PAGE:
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  1. Spotlight on Policy
4 May 2021updated 09 Sep 2021 10:34am

A new mood in markets: positioning for recovery

The narrow focus of markets in 2020 may have left investors positioned for yesterday’s crisis rather than tomorrow’s recovery

By Thomas Moore and Aberdeen Standard Investments

– A rotation in stock markets is being driven by the prospect of economic recovery as vaccinations allow economies to reopen

– Stock markets are likely to move ahead of the economic data

– There is a window of opportunity to benefit from low valuations as the wall of worry is set to be climbed

In potentially delivering a route out of the pandemic, vaccines have also brought a notably different mood to markets. For much of 2020, investors were narrow in their focus, concentrating on a handful of consumer staples and technology companies that could deliver strong earnings even as economies shut down. However, in recent months investors have started to broaden their horizons.

Given our focus on identifying under-appreciated UK income stocks with the potential for stock-specific change, the highly-charged macro environment that prevailed in 2020 was a difficult one for the Aberdeen Standard Equity Income Trust. Style analysis shows that there was general antipathy towards income stocks globally, with UK income stocks performing particularly badly on fears of a no-deal Brexit. However, as vaccines pave the way for economic recovery and an eleventh-hour EU-UK trade deal reduces political uncertainty, investors have started to appreciate the robust prospects and inherent value in many unloved and unfashionable UK stocks. We believe investors should take note.

We are still in the foothills of this rotation and many investors may be unprepared for what is to come. The strong performance of a handful of growth stocks has left global equity markets unbalanced, with many investors reluctant to shift away from the companies that have served them well through the crisis. However, it may be time to switch gears and think about recovery rather than crisis.

Positioning for economic growth

While there are risks to the vaccine rollout and the potential for resistant mutations of the virus, there are also reasons for optimism. For example, we see household finances as a powerful catalyst. For 12 months, many people have curbed their spending: holidays have been cancelled, commuting costs have disappeared and few have felt the need to update their wardrobe. A recent Bank of England survey showed around 28 percent of households had accumulated additional savings, mostly among wealthier and older people. Household savings ratios are at multi-year highs, hitting 16.9 percent in September 2020. We expect some of these savings to find their way into the economy once people have a little more certainty about the future.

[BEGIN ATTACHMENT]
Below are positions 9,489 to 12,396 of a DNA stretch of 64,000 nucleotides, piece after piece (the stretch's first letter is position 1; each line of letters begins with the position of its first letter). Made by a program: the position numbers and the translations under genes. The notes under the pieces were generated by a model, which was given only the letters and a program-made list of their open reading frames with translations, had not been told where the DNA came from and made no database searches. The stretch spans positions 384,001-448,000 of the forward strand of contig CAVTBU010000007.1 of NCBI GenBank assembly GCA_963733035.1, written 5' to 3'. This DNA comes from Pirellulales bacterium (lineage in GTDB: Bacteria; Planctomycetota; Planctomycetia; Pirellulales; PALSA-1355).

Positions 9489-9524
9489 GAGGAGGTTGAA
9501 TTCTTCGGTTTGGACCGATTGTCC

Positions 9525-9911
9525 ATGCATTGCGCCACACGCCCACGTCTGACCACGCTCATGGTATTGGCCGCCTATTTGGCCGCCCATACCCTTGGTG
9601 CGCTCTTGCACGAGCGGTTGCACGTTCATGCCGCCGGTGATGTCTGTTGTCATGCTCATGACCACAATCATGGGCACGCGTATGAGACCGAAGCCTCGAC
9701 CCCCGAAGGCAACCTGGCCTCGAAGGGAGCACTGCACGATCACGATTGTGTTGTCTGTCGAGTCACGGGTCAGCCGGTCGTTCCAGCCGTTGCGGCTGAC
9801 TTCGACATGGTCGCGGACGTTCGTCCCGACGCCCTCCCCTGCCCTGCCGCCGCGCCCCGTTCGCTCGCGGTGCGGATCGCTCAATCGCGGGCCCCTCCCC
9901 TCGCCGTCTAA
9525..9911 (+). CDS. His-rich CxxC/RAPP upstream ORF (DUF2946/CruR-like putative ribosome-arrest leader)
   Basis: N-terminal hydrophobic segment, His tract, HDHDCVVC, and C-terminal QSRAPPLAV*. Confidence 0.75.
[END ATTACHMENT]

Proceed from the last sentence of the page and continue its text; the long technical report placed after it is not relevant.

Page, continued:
At the same time, governments are likely to continue spending, particularly in the UK. As the architect of Brexit, the incumbent government will be keen to prove its success, which could see lower taxes and deregulation. The EU-UK free trade deal is not perfect, but it is a baseline. Subsequent free trade deals are likely to boost sentiment, highlighting that the UK remains open to the world. Gradually, this may start to unwind the Brexit discount that has been placed on the UK market.

The UK has undoubtedly been held back by the sector composition of its stock market as global growth was slowing. It has a higher weight in more economically-sensitive areas such as energy and financials. Just as this held the UK market back during a time of uncertainty, it should be supportive as the economy recovers and capital rotates into these unloved areas.

Cheaper growth

It is worth noting that many of the companies in our portfolio have been out of favour not because of underlying weakness in their business, but simply because they were unfashionable. The market has ignored many businesses whose operations have held up superbly well during the crisis.

The divergence in valuation multiples within the UK market has increased as investors follow simple rules of thumb that have worked very well during a prolonged period of falling bond yields, but which may come into question should the external environment ever change. The result is that investors could be over-valuing the earnings stream of certain businesses and significantly undervaluing the earnings stream of others.

The scale of the valuation opportunity is such that investors can position for recovery without taking on a huge amount of risk. We see many robust companies offering a combination of attractive yield and growth. Our experience tells us that the start of a new cycle offers the greatest opportunities, as this is when investors are at their most uncertain despite the burgeoning growth that lies ahead.